If you’ve been following Dave’s Scoot Japan trip, you might wonder what inspires such a mission. We ask Dave Cornthwaite about his preparation for the 1000 mile solo scoot.
Dave Cornthwaite kicking off SCOOT JAPAN!
Why choose Japan?
DC: When I was planning a long skateboard journey back in 2006 I saw a photo of longboarders whizzing down a glorious road leading down the slopes of Mount Fuji. I didn’t have much time for in-depth logistical planning. And then I remembered that photo of the longboarders and 30 minutes of google image searching was enough. A journey on a Swifty made a lot of sense and got me excited. Decision made! Scoot Japan!
Dave and Jason checking the map
Why choose a scooter, kick scooters aren’t often the mode of choice for long distances?
DC: Haha, you don’t know me very well do you?! I love a good endurance challenge and travelling by Swifty will be harder than a bike, but it will bring its own unique rewards. A scooter is a recognisable image but one with big wheels and baggage is another matter – so this makes for a great ice breaker. Simple and fun are the key factors of my adventures and hey, the perception of distance here is the key. If I can scoot 10 metres I can scoot 1000 miles, just need the time and the will.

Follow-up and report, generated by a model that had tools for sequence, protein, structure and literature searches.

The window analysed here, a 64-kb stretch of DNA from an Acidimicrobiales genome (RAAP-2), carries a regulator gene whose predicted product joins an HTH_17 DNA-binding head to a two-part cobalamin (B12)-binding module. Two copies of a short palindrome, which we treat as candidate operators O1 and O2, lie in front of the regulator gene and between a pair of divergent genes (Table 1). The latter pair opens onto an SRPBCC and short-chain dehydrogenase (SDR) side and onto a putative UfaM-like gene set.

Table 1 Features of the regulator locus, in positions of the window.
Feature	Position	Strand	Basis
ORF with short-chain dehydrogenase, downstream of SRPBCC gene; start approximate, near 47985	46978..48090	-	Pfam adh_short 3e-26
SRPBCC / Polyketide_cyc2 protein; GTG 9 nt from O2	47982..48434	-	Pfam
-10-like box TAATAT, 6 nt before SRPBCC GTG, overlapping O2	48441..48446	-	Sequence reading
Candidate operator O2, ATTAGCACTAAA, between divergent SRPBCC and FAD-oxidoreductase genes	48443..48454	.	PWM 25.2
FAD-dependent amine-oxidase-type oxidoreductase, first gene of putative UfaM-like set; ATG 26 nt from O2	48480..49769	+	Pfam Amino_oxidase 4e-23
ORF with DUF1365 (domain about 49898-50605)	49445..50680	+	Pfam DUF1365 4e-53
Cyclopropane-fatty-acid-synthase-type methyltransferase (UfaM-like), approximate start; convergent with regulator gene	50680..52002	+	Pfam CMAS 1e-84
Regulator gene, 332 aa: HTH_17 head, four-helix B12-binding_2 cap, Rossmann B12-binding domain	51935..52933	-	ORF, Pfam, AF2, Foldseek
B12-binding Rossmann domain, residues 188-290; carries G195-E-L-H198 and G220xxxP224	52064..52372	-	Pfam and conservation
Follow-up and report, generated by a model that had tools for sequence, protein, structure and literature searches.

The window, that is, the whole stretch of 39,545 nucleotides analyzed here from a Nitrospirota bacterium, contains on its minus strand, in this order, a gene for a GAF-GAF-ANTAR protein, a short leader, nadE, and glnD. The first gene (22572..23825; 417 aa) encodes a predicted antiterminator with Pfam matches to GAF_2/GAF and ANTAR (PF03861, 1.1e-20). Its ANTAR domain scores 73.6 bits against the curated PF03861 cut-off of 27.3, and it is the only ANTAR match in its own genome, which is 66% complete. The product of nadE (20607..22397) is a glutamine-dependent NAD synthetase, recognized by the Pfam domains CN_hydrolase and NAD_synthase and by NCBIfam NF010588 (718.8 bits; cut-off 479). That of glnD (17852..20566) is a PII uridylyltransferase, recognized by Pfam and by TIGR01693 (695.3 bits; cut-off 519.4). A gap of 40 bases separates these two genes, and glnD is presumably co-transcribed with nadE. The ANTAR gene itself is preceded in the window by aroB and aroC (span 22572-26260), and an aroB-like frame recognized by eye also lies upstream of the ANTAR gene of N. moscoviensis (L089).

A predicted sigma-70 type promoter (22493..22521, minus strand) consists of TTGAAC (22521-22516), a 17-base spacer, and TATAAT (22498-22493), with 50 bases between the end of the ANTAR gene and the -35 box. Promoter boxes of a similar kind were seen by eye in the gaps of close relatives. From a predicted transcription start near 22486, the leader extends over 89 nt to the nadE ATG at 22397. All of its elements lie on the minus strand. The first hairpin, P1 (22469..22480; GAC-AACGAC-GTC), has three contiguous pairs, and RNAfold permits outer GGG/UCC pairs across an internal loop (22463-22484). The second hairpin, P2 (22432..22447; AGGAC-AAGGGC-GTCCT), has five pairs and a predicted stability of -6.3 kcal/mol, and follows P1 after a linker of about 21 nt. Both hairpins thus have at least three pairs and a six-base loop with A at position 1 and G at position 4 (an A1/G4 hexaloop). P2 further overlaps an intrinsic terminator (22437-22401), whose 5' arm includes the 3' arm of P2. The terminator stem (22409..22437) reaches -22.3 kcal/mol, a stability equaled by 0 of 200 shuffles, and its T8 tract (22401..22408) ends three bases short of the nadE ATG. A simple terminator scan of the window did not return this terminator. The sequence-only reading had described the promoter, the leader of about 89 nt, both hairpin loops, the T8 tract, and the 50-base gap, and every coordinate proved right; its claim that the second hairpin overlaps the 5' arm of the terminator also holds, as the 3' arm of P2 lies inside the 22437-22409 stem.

Why choose a Swifty scooter?
DC: I’ve been impressed with Swifty from afar. I love working with small companies that understand the importance of good content, and innovation. I tried a Swifty scooter out in 2014 and knew that at some point I’d do a trip on it, and I’m glad that time has come. The build-up to this journey has been awesome because of Swifty – we’re totally on the same page and they’ve bent over backwards to make this trip possible, which makes me want to do an even better job for them. Obviously, it had to be a scooter fit for a long journey, and luckily enough Russ Smith had tried and tested the SwiftyZERO last year with his Lands End to John O’Groats scoot.
What do you anticipate being your biggest challenge?
DC: I’m not really sure. The main dangers of any road trip involve sharing roads with other vehicles so I’m making sure I’m nice and visible. Then I need to consider the approach of Winter in Japan – some nights will be fairly chilly so carrying the right gear is important. Other than that, I’ll need to ease into this journey to build my fitness up as I haven’t completed a 1000 mile journey for a couple of years. It’s time to prove that age doesn’t matter!
Have you been practising swapping legs?
DC: Ha, a little bit. After 4000 miles on one pushing leg in Australia on my skateboard I definitely owe my left leg a bit of muscle growth, so at the least on this trip, I’ll alternate equally.
What kit are you taking and what are the sleeping/food arrangements?
DC: There’s only so much I can carry so I’m travelling pretty light by default. Tent, sleeping bag and mat. Waterproof coat, down jacket, a couple of base layers, one pair of pants (maybe two), iPhone to navigate with and a couple of small cameras including a GoPro. I plan on wild camping as much as I can, and I’ve never been on a journey where I haven’t constantly been invited into people’s homes. There are hot springs and baths everywhere in Japan so that’s my hygiene covered, and I’ll get my food from convenience stores and cafes along the way. It’s all totally unplanned which makes it a real adventure, I can’t wait!